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In the Ruins of Babylon

Last week, I had dinner with a postdoc student in my department who is one of perhaps ten people worldwide who specializes in Babylonian astronomy. He's here to study with Alexander Jones, a professor in the same subject with whom I took a course a few years back on his area of specialization. What was particularly memorable about the dinner, however, was our discussion of the archaeological search for more information on the astronomy of Babylon in modern Iraq, where once was Babylon.

John mentioned how, unlike other Muslim leaders, Saddam Hussein has modeled himself to large degree on the kings of Bablylon - i.e. pagan rulers, but ones who maintained substantial, spectacular, and well-known empires within the lands of his own country. To that aim, he's funded an archaeological project at Nenavah, I believe it was, to continue research on the subject. This effort is undermined, however, by one of his most spectacular building projects, a palace on the ruins of Babylon. H.D. Miller currently has a discussion of this palace and its archaeological damage, with hopes that the palace will not exist in the near future. (He cites several articles about the palace and situation, including this one.)

After last week's discussion however, this made me wince even more. John noted that the best thing for the archaeological remains is to be simply left alone. The more damage that is done to them in any form, the more they are rendered useless as evidence of the past. Since historians of Babylonian astronomy rely upon cuneiform tables, the best thing for them at the moment is just to be left in the ground. In part during the Gulf War, the Baghdad Museum, once home to numerous cuneiform tablets, has been pillaged, and many of those tables are now for sale in antique dealers' shops worldwide. Indeed, as of about six months ago, the British Museum was in negotiations with the Museum in Baghdad to repatriate many of their tablets. John expressed fervent hope that the repatriation had not yet happened, especially if there is to be war.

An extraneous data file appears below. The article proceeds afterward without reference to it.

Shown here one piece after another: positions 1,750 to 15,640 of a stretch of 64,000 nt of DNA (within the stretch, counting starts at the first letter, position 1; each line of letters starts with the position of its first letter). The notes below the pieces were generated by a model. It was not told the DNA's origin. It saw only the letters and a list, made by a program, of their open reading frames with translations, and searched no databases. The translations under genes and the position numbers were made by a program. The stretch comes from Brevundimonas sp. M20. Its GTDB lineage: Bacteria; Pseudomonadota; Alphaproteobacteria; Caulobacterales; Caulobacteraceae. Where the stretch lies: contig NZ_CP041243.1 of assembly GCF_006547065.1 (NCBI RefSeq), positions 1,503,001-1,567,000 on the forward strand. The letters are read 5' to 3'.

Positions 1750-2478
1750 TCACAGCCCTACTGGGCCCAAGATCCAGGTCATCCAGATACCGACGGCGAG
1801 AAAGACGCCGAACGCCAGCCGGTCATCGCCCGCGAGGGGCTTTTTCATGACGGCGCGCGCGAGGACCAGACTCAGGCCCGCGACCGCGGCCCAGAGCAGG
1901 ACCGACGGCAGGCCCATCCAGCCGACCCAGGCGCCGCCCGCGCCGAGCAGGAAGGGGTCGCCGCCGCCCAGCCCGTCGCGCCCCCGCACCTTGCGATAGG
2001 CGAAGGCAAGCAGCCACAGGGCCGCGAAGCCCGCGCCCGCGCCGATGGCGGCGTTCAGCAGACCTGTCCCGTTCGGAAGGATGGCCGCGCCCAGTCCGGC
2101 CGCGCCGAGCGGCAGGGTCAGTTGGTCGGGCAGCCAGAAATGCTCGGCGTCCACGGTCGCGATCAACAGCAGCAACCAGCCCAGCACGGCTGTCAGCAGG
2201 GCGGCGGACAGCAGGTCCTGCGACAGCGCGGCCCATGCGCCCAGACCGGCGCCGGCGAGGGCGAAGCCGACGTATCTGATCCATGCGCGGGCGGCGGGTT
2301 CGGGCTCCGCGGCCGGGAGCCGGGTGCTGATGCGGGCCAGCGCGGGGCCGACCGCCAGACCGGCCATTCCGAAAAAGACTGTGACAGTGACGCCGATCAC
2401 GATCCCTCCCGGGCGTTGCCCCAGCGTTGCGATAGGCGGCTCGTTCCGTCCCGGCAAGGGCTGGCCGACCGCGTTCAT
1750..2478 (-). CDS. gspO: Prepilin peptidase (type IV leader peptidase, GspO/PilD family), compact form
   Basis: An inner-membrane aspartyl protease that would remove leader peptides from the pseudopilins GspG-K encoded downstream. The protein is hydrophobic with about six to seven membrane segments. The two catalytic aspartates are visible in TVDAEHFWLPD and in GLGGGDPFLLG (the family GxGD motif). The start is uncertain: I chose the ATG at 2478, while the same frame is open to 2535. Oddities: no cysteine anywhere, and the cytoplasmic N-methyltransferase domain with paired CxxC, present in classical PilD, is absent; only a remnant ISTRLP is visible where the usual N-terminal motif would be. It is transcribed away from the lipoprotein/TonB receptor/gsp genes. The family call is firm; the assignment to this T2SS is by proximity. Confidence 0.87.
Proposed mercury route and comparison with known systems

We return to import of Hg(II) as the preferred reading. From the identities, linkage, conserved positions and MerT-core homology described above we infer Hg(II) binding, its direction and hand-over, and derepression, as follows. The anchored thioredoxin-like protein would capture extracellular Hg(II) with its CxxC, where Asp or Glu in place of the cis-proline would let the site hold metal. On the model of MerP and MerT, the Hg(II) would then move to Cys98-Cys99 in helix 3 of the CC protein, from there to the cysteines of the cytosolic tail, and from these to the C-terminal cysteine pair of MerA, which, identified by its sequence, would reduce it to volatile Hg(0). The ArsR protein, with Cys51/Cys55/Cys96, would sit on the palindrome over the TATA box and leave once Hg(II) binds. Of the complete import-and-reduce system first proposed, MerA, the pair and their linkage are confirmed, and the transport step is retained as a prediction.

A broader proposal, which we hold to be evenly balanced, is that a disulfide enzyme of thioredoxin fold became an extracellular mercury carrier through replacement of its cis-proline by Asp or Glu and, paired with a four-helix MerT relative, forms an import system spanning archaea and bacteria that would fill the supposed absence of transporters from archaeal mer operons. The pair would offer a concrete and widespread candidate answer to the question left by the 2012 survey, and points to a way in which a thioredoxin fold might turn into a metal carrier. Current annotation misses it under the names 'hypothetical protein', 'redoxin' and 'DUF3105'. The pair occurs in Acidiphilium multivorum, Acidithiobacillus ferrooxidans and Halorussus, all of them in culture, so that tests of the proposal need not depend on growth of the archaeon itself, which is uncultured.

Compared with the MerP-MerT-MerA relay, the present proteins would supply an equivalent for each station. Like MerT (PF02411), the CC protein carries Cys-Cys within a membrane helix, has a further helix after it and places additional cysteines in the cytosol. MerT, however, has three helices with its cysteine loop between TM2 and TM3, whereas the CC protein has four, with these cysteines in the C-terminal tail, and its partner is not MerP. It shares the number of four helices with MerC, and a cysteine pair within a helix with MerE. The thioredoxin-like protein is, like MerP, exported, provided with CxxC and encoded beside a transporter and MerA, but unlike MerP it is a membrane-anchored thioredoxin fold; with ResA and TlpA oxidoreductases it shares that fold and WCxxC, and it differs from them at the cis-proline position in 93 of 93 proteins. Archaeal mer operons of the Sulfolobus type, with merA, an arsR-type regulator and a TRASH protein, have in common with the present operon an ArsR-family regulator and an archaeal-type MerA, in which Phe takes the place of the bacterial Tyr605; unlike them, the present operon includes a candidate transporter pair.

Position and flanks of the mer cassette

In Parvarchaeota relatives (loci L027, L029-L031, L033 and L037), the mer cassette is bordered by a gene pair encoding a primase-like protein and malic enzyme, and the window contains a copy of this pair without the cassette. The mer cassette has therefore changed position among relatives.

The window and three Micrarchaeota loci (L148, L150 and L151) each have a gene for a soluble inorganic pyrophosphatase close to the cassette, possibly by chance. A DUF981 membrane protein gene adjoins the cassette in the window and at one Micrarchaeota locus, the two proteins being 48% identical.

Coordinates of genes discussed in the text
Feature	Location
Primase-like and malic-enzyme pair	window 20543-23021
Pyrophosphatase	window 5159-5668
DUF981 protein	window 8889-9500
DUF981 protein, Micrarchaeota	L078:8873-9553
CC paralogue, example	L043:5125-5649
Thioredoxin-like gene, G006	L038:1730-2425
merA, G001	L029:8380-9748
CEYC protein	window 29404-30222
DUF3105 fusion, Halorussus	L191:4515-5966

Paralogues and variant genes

Some of the worst damage, however, was, he reported, done with the best of intentions by bombers during the Gulf War, who, seeing them from the air, believed some of the subterranean archaeological structures to be airplane landing strips, and bombed them accordingly.

(If you're in Toronto and interested in the subject, there's a daylong symposium on February 8th on the subject of ancient near eastern astronomy at which both A. Jones and J. Steele will be speaking.)

Comments

( 1 comment — Leave a comment )
theengineer
Jan. 29th, 2003 07:49 am (UTC)
Nuts! I'd really like to go to that, but I'm already so booked on the 8th it isn't funny.
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